Next summer, nearly 70 of California's almost 300 state parks will be forced to shut their gates due to budget cuts.
However, two of the parks targeted for closure are fighting back with a campaign to raise enough private funds to keep the lights on.
This week, the Portola and Castle Rock Foundation kicks off a campaign to raise the at least $500,000 required to keep the South Bay's Portola Redwoods and Castle Rock state parks long after the July 1, 2012 date when they're scheduled to suspend operation.
"I encourage everyone who has ever enjoyed these wonderful parks to join this campaign now," said foundation president Judy Grote. "We need to raise funds in the next few months or we will lose these park jewels forever. Luckily, the enthusiasm shown for our plan makes me confident we will succeed."
The plan to save these two parks is attempting to emulate an agreement the Coe Park Preservation Fund reached with the state's Department of Parks and Recreation to keep the 7,000-acre Henry W. Coe State Park open on the condition that the private organization pay the Morgan Hill-area park's $300,000 annual upkeep.
"Generations have been inspired to protect California's extraordinary beauty, including these parks," said Save the Redwood League Executive Director Ruskin Hartley in a statement. "It's heartening to know that today's generations are continuing the effort with campaigns such as this one."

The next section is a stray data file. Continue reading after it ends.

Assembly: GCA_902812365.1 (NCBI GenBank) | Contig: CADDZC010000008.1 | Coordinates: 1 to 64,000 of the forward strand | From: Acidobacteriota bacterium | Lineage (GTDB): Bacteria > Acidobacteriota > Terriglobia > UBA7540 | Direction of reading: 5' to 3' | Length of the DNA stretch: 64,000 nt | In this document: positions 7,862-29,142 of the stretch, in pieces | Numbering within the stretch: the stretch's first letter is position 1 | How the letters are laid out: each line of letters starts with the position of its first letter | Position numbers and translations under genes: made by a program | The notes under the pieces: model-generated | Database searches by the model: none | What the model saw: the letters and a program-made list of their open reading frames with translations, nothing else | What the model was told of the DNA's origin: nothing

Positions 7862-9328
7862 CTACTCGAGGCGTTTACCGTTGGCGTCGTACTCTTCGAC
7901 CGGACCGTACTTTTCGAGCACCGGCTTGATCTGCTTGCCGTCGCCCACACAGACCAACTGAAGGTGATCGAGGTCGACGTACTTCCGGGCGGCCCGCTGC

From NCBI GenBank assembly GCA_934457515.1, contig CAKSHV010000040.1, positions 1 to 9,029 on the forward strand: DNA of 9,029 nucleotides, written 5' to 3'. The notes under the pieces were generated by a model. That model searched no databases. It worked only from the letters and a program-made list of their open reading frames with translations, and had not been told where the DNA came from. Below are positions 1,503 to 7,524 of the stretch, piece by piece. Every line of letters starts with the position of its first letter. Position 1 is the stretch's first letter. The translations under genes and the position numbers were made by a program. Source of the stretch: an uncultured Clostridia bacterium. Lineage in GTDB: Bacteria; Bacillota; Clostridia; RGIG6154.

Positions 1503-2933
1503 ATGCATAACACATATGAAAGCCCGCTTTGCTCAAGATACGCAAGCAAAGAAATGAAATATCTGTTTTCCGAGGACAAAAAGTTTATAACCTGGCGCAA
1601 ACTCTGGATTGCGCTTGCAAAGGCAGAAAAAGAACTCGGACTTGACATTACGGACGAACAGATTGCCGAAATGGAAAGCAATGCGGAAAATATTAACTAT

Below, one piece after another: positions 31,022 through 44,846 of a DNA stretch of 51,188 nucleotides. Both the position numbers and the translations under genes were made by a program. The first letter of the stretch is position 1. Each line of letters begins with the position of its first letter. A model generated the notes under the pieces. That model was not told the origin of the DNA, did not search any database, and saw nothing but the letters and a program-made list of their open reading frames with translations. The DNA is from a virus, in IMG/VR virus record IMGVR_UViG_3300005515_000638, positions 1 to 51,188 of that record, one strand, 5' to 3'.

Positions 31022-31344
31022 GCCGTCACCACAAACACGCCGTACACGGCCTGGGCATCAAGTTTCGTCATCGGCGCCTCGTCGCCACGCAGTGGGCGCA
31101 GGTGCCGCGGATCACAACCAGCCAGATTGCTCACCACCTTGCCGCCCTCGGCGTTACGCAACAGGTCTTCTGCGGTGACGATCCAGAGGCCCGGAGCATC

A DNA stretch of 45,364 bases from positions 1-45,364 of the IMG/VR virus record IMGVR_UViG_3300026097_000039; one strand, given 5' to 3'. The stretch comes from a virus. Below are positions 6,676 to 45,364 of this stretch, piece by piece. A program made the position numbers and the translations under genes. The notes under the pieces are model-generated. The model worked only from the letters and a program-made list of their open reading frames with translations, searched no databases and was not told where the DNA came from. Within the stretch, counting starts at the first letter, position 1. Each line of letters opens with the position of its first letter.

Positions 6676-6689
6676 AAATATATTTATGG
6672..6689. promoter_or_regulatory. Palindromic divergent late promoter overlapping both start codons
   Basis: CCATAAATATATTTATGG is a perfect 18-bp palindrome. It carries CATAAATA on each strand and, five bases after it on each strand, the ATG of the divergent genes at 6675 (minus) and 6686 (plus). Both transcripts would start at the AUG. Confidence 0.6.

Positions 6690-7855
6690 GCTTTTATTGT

These closures are part of Governor Jerry Brown's money-saving efforts to plug California's multi-billion dollar budget hole. Even though about $75 million has been shaved from the share of the total state budget allocated to the park system over the past decade, it was this recent $22 million round of cuts that led the department to make the tough decision to start shuttering parks.
"We regret closing any park", said Ruth Coleman, director of California State Parks, "but with the proposed budget reductions over the next two years, we can no longer afford to operate all parks within the system."
Private funding isn't the only way some California parks have managed to avoid closure. Three state parks, Marin County's Tomales Bay State Park and Samual P. Taylor State Park along with Eureka's Del Norte Coast Redwoods State Park, were able to keep the lights on when the National Park Service allowed for their operation to be transferred under federal control. This arrangement only worked for these particular parks because they are within the boundaries of parks already run by the National Park Service.
Supporters interesting in keeping Portola and Castle Rock state parks open can make donations here.